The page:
Proof of Time Travel

I have been sick all week – not just tired and sniffly sick, but disgusting, can hardly move, racking coughs, my head turned into a snot factory sick.  It started small last Sunday, and I sort of thought it was a hangover, which puzzled me, because I, while I had imbibed a significant number of ciders the day before, it had been very spread out, and I had tempered them with lots of water.  

“Oh, well,” I thought.  “Fair is fair.  I’ll suffer through it.”  But then, all day, I waited for it to go away, and it didn’t, which didn’t seem fair at all, because it hadn’t been THAT many ciders.  And then I woke up on Monday, and everything was much worse, and that’s when I realized that it wasn’t a hangover at all, and I felt very let down by the Universe.  I mean, I don’t mind paying the price for making poor beverage choices, but being actually sick is not okay.

I should mention at this point that I’m really not used to getting sick.  I have an excellent immune system, and so I only catch the really bad bugs, and when I catch one, it goes all out.  So, while most of the people around me got the sniffles for a few days, I have been laid up for an entire week, and, of course, amid all of this, I read an article about a couple in Mongolia who died of the Plague.

Yes, the actual wiped-out-half-of-Europe-and-a-great-deal-of-Asia-in-the-Middle-Ages Plague.  Apparently that’s still a thing.

So, I’m reading this article, and it’s talking about how there are two types of plague, bubonic and pneumonic, and it’s listing the symptoms of pneumonic plague, and of course I have all of them.  

Fortunately, I’m not a hypochondriac, and, since I also happened to have all of the symptoms of a common head cold, and live very far away from Mongolia, I didn’t freak out.  But it got me thinking.

This article claimed that the plague still exists because it’s being carried by fleas, and every once in a while one of these fleas gets into a populated area, and the plague crops up in a person.  But this is clearly nonsense.  I mean, obviously, if it wiped out so many people back in the day, if it was still around today, it would obviously just go ahead and wipe us all out again.  Right?

So, obviously, what’s happening is time travel.  These people in Mongolia went back in time to the Middle Ages, caught plague, came back, and died.  My question is, did they mean to time travel?  Did they suddenly come upon a portal to the Middle Ages in a cave somewhere?  The article said they were hunting marmots or something like that.  So, maybe, while hunting, they came across a wormhole to Medieval Times (the era, not the novelty restaurant), caught the Plague, and returned, never even realizing that they’d been away.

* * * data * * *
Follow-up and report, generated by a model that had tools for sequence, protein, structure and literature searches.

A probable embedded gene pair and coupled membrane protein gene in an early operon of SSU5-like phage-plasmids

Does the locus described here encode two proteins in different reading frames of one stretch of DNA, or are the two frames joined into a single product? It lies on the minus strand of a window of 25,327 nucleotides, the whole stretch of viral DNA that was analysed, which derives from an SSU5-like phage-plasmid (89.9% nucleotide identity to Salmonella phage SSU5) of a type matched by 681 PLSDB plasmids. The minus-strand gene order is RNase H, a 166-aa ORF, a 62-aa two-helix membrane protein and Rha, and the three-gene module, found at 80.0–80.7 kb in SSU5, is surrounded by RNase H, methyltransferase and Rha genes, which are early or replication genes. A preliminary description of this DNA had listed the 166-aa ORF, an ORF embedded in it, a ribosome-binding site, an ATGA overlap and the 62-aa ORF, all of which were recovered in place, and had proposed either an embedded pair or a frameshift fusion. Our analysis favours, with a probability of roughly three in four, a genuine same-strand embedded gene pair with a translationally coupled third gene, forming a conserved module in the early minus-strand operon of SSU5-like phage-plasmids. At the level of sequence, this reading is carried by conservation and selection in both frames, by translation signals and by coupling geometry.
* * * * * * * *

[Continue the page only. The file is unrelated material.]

OR are they the inventors of time travel, or perhaps even part of a secret time traveling cabal, located deep in the Mongolian mountains?  I mean, you’d naturally expect them to be in Tibet, but Mongolia’s relatively close, and maybe they figured they’d throw us off the scent by going a little bit north.   

And apparently the plague is always cropping up in Mongolia.  So, it seems pretty clear to me: there is either a wormhole to the Middle Ages in Mongolia or a group of time traveling mystics based out of Mongolia who has a bad habit of catching the Plague every time they go to the Middle Ages.  The moral of the story?  Don’t go to Mongolia or you will almost certainly catch the Plague.  Or you might get killed by Genghis Khan.  Actually, it’s sort of an either/or thing, because Genghis Khan lived about a century before the Plague hit, but those are the only things I know about Medieval Mongolia.  I’m assuming there were also pagodas.  

Image by Sharon Ang from Pixabay

 

 

 

A Lost Skill

I drove up to Seattle the other day for my Grandpa’s 89th birthday party.  My Grandpa is kind of a badass – he only recently stopped playing tennis several times a week, and still hikes and lifts weights.  I’m convinced it’s because of all the martinis he used to drink.

While I was up there, I had to pump my own gas, like a barbarian!  It’s been a loooooong time since I’ve had a car that could handle a road trip.  And I’ve lived in Oregon for 7 years.  Consequently, 7 years is how long it’s been since I’ve pumped gas.  Turns out it’s like riding a bike.  

I didn’t ride a bike at all during my young adulthood.  When I got back on one, it had probably been about 7 years since I’d ridden.  And I fell off a whole bunch, because, as it turns out, riding a bike is not “like riding a bike.”